The Center for Democratic Development (CDD) – Ghana says the only way citizens can halt the huge payment of ex-gratia to politicians is through demonstrations and petitions to relevant stakeholders.
This comes on back of the Paramount Chief and the Agbogbomefia of the Asogli State, Togbe Afede XIV in a statement dated June 6, 2022 disclosed that he has returned GHS365,392.67 paid to him as ex-gratia by the state for serving on the Council of State between 2017 and 2020.
According to him, he does not think it is appropriate to be paid ex-gratia since he was paid monthly for serving on the Council of State.
Togbui Afede further stated that he is against the payment of ex-gratia and has been looking for ways to return the money when he was notified that it had been paid to him.
Speaking to Francis Abban on the Morning Starr Tuesday, the Senior Programs Officer at CDD-Ghana, Paul Aborampah Mensah commended Torgbui Afede for the move and urged others beneficiaries to emulate him.
“Especially our Parliamentarians who serve consequently for a number of years and continuously receive these ex-gratia. To me it’s something we need to look at again as a country. A country that has not been able to meet the needs of the people and I can’t also compare it to any developed country that does that. So I commend Torgbui’s gesture and I believe our leaders are going to take note of that and act accordingly,” the CDD Policy Lead stated.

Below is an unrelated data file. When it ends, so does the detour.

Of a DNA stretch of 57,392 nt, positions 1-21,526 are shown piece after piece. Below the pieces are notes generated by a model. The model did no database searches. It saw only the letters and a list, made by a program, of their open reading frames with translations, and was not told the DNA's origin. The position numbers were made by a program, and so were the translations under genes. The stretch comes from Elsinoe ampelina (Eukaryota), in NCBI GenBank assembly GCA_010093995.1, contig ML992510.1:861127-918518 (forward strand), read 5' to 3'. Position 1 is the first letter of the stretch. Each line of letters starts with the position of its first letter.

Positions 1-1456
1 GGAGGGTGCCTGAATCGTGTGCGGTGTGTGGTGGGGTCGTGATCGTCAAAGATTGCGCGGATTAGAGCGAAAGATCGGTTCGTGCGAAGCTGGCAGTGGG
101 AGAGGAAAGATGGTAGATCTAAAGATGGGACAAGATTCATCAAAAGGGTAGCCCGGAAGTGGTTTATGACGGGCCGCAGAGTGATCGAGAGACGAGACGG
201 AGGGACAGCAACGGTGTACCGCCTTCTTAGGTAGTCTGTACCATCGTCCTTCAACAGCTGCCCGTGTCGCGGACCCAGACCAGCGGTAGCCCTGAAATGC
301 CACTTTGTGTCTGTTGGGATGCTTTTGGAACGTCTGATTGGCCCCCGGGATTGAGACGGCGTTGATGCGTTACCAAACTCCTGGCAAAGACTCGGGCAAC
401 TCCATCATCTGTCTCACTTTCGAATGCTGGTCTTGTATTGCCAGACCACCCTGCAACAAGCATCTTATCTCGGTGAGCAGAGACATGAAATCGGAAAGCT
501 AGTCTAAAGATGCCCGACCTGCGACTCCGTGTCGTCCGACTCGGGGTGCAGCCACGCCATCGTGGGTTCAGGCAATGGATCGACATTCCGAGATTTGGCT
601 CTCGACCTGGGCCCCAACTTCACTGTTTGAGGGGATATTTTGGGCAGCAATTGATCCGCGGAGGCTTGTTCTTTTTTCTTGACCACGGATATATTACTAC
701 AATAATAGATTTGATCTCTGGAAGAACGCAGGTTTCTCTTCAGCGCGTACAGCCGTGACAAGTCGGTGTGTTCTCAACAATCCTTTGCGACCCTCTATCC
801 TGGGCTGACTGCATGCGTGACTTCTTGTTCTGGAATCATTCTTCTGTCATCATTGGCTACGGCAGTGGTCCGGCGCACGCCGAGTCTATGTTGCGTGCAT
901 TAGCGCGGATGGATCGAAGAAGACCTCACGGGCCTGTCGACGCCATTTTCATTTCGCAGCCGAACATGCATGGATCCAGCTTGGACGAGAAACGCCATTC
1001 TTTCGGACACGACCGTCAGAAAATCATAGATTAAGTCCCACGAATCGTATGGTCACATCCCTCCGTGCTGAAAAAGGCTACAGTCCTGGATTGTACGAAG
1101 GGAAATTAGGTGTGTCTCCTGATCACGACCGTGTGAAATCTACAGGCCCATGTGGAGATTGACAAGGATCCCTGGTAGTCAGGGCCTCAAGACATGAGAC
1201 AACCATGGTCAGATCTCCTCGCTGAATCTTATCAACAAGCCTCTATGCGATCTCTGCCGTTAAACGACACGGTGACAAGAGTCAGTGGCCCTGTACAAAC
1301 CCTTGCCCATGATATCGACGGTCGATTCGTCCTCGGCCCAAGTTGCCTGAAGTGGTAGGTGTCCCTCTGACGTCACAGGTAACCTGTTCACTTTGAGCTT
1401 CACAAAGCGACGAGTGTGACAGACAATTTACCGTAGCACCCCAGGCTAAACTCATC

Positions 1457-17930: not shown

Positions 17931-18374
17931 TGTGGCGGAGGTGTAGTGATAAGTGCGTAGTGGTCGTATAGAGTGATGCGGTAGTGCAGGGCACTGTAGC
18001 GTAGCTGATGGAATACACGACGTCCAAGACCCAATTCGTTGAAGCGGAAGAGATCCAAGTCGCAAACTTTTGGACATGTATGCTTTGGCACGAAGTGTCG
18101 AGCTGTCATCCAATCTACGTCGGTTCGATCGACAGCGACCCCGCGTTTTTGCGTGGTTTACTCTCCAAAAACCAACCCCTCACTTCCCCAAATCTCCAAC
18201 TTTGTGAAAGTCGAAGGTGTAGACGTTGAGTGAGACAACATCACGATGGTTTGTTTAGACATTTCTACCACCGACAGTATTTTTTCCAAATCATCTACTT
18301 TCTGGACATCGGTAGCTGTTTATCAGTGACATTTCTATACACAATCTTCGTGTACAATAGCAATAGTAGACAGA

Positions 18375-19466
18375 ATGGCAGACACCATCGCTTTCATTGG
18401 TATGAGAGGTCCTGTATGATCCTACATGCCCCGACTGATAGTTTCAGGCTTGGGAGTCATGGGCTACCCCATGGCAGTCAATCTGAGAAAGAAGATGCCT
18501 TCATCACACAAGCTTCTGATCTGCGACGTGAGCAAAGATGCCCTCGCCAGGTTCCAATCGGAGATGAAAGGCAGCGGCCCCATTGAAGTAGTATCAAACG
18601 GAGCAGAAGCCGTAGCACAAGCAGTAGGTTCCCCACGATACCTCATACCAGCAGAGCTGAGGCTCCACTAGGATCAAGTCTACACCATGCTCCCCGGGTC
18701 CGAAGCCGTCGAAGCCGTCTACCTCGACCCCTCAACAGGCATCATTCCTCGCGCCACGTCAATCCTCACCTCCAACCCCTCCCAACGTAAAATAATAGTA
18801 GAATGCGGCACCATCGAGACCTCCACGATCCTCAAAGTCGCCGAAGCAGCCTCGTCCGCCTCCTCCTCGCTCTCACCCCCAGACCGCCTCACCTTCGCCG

He indicated that for such a norm to be stopped “It could be triggered by consensus, advocacy, demand demonstrations, petitions from citizens, you see policy development is taken from different angles. It is taken from research data, it’s taken by consensus, appeals and taken by so many forms.
“So if we mobilize ourselves, if we resolve to demand it we can do that as citizens. Of course Parliament is there for us and who elected Parliament to be there and all the leaders that we put in place are expected to serve our interest. Probably they have not realized the mistake they are making. We need to as citizens mobilize ourselves in one form, ‘fight for it’ demand for it, call for it.”
Mr. Abrompa further stated that elections are not the only form to use in demanding accountability from leaders, “so everybody will say wait and see the next four years I will not vote.”